Happy Valentine's Day

I filtered my entire Spotify songs library by the word “love” and plucked from the results these 15 songs, all of which have the word in the title. These are my favorite “love” songs for February 14th, 2020. They’re a mix of gooey romance, gut-churning angst, and even detached reflection, but they’re all “love” (i.e. no “lover,” “loves,” or “loving”).

Enjoy, and Happy Valentine’s Day!


The Great Barrens

Daughter went all out on her social studies project. She went to Michael’s a week before it was due to purchase supplies: wooden dowels, ribbon, beads, hot glue, and various other accessories for a scroll-like map of the Fertile Crescent. To construct it, she printed a map from Google Images, soaked it in coffee water, dried it in the oven, ironed it flat, and then glued the edges to the dowels. The ribbon was glued to the back.

It looked great, and it was finished days before it was due, because Daughter was into it.

Then, at 10:00 last night, as she is preparing it for transport to school in the morning, she looks carefully at the map’s text, really for the first time. “Dad,” she says (I’m bent over the laptop strategizing a fix for a dead Prius battery), “There’s something weird about my map.”

“Uh huh.” I don’t look up.

“It has the Tigris and Euphrates rivers on it, but it doesn’t say ‘Mesopotamia’ anywhere, and there are other weird place names on it, like ‘Desert of Bones’ and ‘The Great Barrens.'”

Uh oh. Now I look up.

Sure enough, the map she has so painstakingly assembled is not a map of the Fertile Crescent but someone’s rendering of World of Warcraft, from what I can gather searching Google, though for the life of me I cannot relocate this exact map. In her focus on the style she flubbed the substance. A part of me wants to advise her to turn it in as is, trusting that nobody will really notice. I suppress that part, so when she declares that she needs to start all over (at 10:07) I can calmly agree.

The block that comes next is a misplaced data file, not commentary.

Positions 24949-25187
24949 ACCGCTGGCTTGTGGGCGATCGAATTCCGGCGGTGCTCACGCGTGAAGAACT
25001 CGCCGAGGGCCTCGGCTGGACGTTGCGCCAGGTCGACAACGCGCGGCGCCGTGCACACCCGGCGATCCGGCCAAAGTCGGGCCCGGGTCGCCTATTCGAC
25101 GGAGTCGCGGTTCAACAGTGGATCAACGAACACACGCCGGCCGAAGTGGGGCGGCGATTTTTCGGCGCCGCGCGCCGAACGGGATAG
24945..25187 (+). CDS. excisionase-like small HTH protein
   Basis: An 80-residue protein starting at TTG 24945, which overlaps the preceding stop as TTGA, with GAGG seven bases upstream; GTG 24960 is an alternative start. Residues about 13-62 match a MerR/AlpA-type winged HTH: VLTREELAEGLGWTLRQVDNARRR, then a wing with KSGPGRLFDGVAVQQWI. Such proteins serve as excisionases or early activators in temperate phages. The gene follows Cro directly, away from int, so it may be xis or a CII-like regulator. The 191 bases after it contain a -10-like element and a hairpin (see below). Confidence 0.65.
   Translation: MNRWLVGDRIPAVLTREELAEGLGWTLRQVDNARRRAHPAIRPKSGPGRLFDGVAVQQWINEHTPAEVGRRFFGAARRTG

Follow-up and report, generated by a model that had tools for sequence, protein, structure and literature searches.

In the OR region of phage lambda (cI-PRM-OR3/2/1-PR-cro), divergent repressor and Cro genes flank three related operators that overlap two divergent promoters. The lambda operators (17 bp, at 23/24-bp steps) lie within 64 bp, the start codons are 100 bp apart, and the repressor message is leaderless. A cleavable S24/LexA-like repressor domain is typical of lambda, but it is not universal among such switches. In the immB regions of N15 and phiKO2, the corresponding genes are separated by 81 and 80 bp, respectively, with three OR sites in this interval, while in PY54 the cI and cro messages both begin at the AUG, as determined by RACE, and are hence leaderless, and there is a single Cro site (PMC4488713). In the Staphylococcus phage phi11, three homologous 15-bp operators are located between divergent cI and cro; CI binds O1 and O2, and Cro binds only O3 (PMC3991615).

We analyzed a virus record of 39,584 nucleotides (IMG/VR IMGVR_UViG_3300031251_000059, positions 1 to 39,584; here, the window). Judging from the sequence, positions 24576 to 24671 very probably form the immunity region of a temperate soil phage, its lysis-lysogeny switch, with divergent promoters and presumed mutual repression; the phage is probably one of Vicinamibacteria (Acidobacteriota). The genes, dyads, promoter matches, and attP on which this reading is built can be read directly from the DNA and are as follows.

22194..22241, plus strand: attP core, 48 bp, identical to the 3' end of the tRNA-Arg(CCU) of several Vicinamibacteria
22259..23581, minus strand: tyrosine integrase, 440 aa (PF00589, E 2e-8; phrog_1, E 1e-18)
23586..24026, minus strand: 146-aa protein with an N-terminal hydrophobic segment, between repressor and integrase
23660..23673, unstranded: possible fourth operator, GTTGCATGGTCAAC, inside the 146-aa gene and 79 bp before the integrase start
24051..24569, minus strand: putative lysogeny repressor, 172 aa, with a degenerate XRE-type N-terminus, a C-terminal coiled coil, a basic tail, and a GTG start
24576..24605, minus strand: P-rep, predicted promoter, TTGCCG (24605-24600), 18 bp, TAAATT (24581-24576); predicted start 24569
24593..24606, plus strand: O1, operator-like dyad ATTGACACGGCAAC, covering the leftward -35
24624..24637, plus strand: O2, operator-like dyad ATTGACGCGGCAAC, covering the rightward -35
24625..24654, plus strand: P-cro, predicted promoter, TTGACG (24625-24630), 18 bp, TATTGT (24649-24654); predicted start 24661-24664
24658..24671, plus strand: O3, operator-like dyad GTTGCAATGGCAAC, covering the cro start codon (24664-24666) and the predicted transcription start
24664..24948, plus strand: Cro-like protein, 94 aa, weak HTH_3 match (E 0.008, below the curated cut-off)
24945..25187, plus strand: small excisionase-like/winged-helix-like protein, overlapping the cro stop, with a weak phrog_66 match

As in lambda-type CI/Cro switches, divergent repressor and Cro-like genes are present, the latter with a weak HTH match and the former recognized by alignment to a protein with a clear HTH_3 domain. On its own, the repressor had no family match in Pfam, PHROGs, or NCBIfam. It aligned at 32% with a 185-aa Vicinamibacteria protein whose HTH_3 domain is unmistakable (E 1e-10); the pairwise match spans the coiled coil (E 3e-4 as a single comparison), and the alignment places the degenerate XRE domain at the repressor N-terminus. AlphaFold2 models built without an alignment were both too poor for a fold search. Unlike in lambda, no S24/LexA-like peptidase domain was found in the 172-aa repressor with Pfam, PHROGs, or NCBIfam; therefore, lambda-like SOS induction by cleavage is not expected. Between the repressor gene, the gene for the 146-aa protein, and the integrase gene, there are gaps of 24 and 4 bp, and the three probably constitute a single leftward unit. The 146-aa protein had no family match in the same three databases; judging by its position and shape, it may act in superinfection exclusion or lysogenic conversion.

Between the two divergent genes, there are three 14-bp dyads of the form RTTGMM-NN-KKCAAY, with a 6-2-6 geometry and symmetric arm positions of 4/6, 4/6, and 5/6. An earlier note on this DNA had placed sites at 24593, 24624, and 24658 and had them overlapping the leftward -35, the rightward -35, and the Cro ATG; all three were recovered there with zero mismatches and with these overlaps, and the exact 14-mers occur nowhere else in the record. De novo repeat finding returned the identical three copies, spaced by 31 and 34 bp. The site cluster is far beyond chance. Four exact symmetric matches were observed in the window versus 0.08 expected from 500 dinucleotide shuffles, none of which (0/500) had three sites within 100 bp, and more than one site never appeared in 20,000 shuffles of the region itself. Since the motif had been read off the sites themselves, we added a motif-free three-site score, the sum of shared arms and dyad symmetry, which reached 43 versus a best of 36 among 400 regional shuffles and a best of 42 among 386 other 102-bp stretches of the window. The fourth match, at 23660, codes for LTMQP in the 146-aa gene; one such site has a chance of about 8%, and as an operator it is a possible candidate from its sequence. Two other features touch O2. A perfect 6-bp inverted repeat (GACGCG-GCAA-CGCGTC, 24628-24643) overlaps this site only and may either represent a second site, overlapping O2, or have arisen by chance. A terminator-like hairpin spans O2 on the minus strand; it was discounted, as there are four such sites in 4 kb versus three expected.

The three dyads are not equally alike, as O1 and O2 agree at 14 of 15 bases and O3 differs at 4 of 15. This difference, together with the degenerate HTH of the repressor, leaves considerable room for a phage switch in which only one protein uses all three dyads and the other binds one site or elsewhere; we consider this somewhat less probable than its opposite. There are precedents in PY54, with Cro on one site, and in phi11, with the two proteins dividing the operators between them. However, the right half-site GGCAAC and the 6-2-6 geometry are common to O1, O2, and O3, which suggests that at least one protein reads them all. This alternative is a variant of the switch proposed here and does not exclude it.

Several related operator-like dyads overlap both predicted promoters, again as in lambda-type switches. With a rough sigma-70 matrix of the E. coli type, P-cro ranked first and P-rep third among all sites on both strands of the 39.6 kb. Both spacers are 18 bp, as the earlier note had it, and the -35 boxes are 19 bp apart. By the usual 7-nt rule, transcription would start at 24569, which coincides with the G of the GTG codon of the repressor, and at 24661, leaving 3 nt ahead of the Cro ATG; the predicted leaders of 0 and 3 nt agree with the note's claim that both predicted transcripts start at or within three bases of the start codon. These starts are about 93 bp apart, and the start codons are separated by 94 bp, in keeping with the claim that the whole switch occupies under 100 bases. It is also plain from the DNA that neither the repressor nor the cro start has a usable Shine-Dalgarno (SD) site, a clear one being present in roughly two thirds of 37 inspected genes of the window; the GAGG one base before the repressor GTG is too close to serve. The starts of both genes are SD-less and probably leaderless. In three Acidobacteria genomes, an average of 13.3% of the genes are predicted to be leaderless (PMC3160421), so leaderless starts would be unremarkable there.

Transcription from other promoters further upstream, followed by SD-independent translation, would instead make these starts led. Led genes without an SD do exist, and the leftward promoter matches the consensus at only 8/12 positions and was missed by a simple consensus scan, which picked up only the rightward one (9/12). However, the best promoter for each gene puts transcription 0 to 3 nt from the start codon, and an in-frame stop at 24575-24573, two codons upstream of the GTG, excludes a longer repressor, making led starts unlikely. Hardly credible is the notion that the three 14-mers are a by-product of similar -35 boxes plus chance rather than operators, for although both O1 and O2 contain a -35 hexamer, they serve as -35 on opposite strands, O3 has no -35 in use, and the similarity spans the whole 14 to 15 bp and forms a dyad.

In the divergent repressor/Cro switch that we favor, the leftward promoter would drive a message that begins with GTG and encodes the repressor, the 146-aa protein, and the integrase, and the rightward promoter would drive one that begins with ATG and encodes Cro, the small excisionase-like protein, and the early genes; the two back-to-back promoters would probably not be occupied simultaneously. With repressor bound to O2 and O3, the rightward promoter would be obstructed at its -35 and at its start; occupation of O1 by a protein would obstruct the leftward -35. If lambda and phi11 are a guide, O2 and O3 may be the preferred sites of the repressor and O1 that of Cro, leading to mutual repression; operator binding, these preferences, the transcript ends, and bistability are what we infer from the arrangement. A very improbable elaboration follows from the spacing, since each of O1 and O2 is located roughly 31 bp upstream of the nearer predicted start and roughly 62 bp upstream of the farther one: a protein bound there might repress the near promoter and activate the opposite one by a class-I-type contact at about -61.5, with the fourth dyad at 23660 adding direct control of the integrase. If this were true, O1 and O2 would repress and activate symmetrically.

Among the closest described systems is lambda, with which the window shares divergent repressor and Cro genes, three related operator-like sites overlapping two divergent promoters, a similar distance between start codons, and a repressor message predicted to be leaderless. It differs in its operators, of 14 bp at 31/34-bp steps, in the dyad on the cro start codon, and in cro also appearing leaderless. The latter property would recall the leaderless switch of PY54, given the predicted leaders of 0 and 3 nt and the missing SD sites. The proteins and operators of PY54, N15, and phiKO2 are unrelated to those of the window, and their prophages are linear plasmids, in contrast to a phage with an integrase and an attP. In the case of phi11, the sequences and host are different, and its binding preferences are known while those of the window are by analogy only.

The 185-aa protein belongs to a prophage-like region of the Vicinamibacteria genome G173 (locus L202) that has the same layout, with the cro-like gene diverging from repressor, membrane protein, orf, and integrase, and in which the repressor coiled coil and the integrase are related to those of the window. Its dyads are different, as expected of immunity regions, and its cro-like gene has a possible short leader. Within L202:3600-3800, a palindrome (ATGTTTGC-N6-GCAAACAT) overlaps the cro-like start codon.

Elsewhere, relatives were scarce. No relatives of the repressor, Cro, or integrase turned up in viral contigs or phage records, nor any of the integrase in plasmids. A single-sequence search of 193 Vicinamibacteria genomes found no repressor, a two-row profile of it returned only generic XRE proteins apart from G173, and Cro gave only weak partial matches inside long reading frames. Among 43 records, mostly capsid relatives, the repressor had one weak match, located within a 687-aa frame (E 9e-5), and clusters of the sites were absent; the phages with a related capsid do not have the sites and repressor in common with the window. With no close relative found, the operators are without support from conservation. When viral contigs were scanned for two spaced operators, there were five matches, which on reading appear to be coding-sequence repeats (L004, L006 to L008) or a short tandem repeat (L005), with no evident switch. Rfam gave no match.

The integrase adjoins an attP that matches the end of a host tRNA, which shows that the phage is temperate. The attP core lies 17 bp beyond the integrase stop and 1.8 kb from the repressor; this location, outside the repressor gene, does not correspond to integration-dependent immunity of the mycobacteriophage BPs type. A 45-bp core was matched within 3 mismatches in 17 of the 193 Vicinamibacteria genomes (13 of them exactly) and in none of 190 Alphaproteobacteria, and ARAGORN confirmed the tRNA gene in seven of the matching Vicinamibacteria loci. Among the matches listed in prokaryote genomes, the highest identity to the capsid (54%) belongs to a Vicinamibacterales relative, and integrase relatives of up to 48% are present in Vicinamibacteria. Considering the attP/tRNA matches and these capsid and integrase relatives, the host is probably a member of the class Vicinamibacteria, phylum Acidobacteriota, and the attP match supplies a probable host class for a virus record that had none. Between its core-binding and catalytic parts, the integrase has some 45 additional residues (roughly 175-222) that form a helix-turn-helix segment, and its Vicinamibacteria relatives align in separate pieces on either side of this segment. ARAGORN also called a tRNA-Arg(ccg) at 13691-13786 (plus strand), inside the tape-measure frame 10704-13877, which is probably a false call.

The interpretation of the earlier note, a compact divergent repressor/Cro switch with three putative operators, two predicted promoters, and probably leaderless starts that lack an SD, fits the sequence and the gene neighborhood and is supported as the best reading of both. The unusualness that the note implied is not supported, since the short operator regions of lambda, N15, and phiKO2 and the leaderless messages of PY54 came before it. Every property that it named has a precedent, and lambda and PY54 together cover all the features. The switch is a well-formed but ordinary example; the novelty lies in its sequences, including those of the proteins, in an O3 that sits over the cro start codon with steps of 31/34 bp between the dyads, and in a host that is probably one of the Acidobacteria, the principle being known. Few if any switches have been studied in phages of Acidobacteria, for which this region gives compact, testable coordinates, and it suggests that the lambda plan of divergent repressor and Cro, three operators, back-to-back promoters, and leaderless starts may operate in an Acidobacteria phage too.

She’s finished with it in about 90 minutes and she goes to bed having learned a valuable lesson about attention to content before flourish. I’m still working on the battery.




Thank you for being a previous voter. Who you vote for is secret, but whether you vote is public information. Vote Tuesday, April 7th!


I wrote those three sentences to dozens of Wisconsin residents last night at a “postcard party” my friend invited people to for his birthday. It was held at a local sports bar, and the New Hampshire primary returns were broadcast on CNN as we wrote.

Because my friend is the kind of person who wants his friends to engage in citizen activism to celebrate his birthday, I brought him the book I started reading last week after hearing John Dickerson recommend it on the “Political Gabfest.” Its main thrust is that we treat politics too much like a sport and that those of us who pay the most attention to politics are doing the least good.

Happy birthday Jack!